Midland Public Schools considering electric school buses


Midland Public Schools Superintendent Michael Sharrow told the Daily News that the district has considered adding electric-powered buses to its current fleet of gas and diesel buses.

“We are still exploring that,” he said, noting that the district’s transportation center is nearly prepared for electric buses. “We’re upping the capacity of that (electric capability) just in case we do end up with an electric fleet somewhere down the road.”

A broad coalition of advanced mobility, school transportation, health and environmental experts laid out multiple opportunities on June 22 at a webinar to discuss the possible transition that schools can make from gas-fueled school buses to electric school buses. One of the upcoming avenues for school districts to explore are applications for federal assistance, which are due by Aug. 19.

There are 297 school districts that are prioritized for funding in Michigan under the EPA’s Clean School Bus Program. Districts that are not on the priority list can still apply, as long as they are either a state or local government entity, eligible contractor, nonprofit school transportation association, or tribal entity.

While MPS awaits funding assistance eligibility, Sharrow said some staff members are reviewing the Series 3 portion of a 2015 bond that helped with technology and bussing. He said staffing abilities and charging capabilities are also being reviewed.


Next spring, Sharrow said the district will consider an order relating to purchasing buses. He said electric, propane and other possibilities will be reviewed before the next purchase.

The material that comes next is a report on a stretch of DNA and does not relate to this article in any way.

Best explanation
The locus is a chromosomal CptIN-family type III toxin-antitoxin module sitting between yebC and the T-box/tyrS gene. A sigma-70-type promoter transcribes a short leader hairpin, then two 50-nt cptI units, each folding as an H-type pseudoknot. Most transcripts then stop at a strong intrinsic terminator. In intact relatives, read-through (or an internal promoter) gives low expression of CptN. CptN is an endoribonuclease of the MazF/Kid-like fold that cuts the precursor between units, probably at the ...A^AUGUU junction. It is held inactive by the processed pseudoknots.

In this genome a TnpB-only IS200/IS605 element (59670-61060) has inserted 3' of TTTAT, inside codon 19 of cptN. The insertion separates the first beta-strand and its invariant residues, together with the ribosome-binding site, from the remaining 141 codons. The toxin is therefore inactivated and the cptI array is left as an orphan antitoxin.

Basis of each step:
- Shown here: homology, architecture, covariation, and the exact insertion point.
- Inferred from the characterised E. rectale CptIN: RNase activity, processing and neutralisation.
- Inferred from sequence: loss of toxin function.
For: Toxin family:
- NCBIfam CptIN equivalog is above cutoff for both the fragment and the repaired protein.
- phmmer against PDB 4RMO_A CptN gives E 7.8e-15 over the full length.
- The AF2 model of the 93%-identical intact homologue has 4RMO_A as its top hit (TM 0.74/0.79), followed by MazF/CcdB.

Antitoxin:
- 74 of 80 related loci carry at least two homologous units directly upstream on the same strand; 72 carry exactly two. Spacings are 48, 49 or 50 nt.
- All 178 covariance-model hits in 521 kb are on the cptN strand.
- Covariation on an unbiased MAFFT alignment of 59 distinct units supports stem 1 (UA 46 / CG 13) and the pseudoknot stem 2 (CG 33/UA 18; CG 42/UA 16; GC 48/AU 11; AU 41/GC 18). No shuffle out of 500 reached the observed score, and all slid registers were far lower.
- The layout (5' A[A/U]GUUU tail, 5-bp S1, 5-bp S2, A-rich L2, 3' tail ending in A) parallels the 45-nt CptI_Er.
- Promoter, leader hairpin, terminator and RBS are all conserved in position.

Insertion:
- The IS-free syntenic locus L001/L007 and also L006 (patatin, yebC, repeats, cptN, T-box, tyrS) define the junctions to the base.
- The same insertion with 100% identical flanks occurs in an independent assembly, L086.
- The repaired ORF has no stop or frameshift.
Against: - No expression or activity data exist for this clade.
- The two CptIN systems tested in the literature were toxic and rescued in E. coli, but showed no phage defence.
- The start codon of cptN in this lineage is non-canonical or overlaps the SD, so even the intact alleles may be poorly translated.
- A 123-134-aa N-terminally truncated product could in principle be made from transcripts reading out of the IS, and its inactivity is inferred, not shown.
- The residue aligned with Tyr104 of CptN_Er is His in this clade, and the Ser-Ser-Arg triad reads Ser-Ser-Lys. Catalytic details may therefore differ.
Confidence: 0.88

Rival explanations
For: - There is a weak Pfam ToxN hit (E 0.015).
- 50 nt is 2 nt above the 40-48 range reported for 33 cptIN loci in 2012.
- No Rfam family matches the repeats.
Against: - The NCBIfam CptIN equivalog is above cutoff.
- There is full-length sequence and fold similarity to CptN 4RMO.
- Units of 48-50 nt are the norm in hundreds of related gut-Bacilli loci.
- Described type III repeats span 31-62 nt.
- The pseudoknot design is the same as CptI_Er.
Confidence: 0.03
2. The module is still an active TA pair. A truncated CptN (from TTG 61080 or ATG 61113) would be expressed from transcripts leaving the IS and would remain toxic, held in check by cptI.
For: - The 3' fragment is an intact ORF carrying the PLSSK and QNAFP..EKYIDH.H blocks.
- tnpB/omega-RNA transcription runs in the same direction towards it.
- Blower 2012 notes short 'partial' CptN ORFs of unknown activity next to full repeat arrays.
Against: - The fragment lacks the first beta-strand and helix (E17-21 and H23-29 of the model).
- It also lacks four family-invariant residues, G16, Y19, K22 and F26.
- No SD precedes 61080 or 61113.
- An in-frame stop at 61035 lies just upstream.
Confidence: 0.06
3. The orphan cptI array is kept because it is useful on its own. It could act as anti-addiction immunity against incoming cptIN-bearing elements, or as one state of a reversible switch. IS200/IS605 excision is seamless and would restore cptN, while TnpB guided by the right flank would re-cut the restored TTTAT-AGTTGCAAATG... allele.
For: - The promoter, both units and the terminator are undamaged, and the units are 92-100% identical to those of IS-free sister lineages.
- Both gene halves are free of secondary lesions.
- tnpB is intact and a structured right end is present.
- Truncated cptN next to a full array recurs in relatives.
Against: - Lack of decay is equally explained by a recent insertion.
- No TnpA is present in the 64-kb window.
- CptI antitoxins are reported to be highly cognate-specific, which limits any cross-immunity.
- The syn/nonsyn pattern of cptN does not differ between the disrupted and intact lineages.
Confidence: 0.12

“For years, we all went to diesel, but our last bus purchase was for gas engines, which is hard to believe, but gas became pretty efficient,” Sharrow said.

Coalition: Michigan kids deserve a clean commute to school with electric school buses

Currently, only 17 electric school buses operate in seven school districts across the state. The coalition asks Michigan lawmakers and school districts to embrace upcoming opportunities to provide kids with a cleaner commute, including:

  • Supporting the Council on Future Mobility and Electrification’s request for $45 million in the state budget for a feasibility study and pilot program, combining schools that amount with growing state revenues to help transition to cleaner buses.
  • Helping Michigan school districts apply for funding through the US Environmental Protection Agency’s Clean School Bus Program, which in 2022 alone, is poised to offer $500 million in funding to school districts for the purchase of electric and other clean fuel buses.
  • Passing House Bill 5721 and Senate Bill 859 that would allow greater access to sinking funds for school districts to purchase electric school buses and the charging infrastructure to support them.

“Michigan policymakers should seize this opportunity to provide a clean commute for our schoolchildren,” said Katrina Morris, executive director of the Michigan Association for Pupil Transportation.

The coalition advocates for the health of children across Michigan and jobs to be created through the initiative.

“Transit and school bus fleets have long been underfunded and are one of the most promising opportunities for investing in vehicles that create community-wide benefits,” said Jane McCurry, executive director of Clean Fuels Michigan. “This includes economic benefits, like creating more jobs for the advanced manufacturing sector.”

A coalition of experts estimates that gas-powered school buses travel approximately 900,000 miles daily in the United States.

Midland Public Schools is working on hiring transportation drivers for the upcoming school year. For more information on the staffing opportunity, visit the district’s website.

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